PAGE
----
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Monday Postcard #161 – The Right Introduction

Monday Postcard #161 – The Right Introduction

Monday Postcard 161 The Right Introduction

Last week, I stumbled upon a story by Madeleine Alizadeh who is a Vienna-based entrepreneur, podcaster, author and activist. In her Instagram story, she encouraged women to speak up when they are not introduced correctly. She did that after she participated in a panel las week. Even though the official press release called her “entrepreneur and content creator”, media outlets introduced her as “fashion influencer” while her male counterpart was introduced as “entrepreneur and ambassador” as per the official press release.

You may now shake your head and think: “What’s so bad about this? Maybe this woman started her career as a fashion influencer and that is what most people associate with her?” But exactly this would be the problem. It is diminishing what woman has achieved, while men are always praised for their amazing track records. “Fashion influencer” sounds cute and, most likely, less threatening than “entrepreneur”. A woman with a great track record may be seen “threatening”, a man would be “accomplished”. While I do not want to diminish the work of full-time fashion influencers, there is a difference if somebody has further developed into additional roles. Credit where credit is due. 

Furthermore, men themselves make sure that their track records are communicated and acknowledged. Similar to what Alizadeh shared on her story, many women feel pretentious if they introduce themselves with their achievements. It took me a while to introduce myself as “Dr. Steiger”. I always felt pretentious or was worried people may feel I look down on them if I use my title. Until one day my partner said to me: “Why do you do that? You should be proud of it. It’s not that you were given this title, you worked hard for it.” And when I looked around – at panel discussions to which I was invited or in my work environment – I realized men do this all the time. They make sure you know immediately what they have achieved. I call it “self-marketing”.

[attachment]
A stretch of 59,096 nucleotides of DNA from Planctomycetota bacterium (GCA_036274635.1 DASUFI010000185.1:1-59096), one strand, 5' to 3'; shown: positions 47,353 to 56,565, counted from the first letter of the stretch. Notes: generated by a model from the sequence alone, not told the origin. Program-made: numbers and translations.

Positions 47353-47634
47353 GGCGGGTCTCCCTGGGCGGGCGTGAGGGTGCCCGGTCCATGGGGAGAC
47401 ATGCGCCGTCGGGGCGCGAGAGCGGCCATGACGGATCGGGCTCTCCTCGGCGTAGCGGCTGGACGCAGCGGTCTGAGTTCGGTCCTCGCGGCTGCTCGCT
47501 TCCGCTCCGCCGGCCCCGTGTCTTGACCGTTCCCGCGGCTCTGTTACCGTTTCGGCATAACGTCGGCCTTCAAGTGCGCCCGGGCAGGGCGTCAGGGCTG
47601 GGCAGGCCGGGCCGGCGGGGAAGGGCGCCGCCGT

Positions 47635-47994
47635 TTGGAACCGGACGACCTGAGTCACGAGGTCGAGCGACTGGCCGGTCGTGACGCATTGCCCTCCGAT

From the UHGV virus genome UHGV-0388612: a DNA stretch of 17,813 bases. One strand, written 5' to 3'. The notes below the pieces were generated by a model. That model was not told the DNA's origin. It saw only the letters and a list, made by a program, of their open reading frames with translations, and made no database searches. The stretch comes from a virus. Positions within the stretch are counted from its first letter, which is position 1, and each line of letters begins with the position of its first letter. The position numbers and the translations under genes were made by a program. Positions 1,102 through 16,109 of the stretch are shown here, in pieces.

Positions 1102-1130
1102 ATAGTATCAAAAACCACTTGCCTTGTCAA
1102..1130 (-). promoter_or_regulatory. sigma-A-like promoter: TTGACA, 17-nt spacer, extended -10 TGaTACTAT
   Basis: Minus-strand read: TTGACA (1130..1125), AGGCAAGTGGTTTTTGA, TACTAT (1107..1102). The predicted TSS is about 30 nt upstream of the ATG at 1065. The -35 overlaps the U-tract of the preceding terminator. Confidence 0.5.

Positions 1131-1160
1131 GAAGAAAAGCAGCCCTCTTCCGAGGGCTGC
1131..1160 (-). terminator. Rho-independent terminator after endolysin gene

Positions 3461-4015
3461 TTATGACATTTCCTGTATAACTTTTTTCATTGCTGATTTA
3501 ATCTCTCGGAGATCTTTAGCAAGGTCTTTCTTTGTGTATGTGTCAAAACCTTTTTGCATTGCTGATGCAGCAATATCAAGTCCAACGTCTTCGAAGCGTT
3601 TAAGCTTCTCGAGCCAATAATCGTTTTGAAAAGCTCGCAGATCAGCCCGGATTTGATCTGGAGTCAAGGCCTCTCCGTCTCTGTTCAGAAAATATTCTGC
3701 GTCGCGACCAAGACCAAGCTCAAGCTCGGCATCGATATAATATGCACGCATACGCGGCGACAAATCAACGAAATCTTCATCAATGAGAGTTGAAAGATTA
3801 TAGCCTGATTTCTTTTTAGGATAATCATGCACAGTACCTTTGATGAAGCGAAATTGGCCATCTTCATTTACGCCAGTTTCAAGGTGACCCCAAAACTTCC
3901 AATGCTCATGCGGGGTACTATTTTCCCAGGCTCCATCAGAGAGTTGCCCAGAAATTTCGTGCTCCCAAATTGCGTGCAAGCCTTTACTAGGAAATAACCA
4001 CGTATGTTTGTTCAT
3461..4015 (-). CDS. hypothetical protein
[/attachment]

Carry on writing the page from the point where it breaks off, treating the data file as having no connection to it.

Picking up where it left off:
As women we have been brought up to be modest, we should not to “boast” about our achievements and work in silence. I do not like to show off at all. I tend to actually undermine myself to hide degrees or facts about myself to not come across as pretentious. I remember one interview I had years ago. I hid the fact that I earned postgraduate degree in addition to my other degrees because it is from a really reputable organization. I also did not mention that I spoke multiple languages because I did not want to scare my counterpart off.

This happened in the professional but also in the personal context. When I was single and met guys at bars and they asked me about my job or found out that I had a doctorate, they turned around and left. (Yes, this actually happened more than once.) And no, I did not introduce myself to potential hookups with “Dr. Steiger”. But if you work on a thesis and that is what you do for a living at that point in time, it is simply an answer to a question that was asked. At that time a friend of mine had a badass job as a diplomat – she was one of the youngest and only experts in the field. Yet, when she met a guy, she used to say “I work as a desk officer in a big organisation”. Like me, she was worried she may scare them off.

Consequently, I thought it was better to be silent. But the problem is, this may also backfire. If we do not tell anyone else what we have accomplished, who will? Over time, I realised that the “right” men to date or the “right” employers or business partners will not be scared. On the contrary, they will appreciate what we have achieved.

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I think we can actually learn something from the above-mentioned “self-marketing”. Sometimes, it is good to speak up and let everyone know. It is not pretentious or silly to say that you are “not the assistant” (also happened to me multiple times), but actually running the department or the business. We do not have to do it in a pretentious way. There are many ways to make sure your counterpart sees and acknowledges your abilities and achievements.

Imagine yourself at a panel discussion and you sat there with a white guy in his forties or fifties. The moderator introduces him in the wrong way. Do you think he would leave it like that? I doubt it. I think he would make sure that everybody knew what he actually did in the course of the panel.

We cannot control what the media will report about us or what people may think about us. But we can influence the narrative. If more women speak up and do things like properly introducing themselves or even correcting if we were referred to in the wrong way, it is an important signal. This has got nothing to do with narcissism. False modesty can harm us in the long-run. And again, you have only come as far as you did, because you worked hard. If this is nothing to be proud of, what is?

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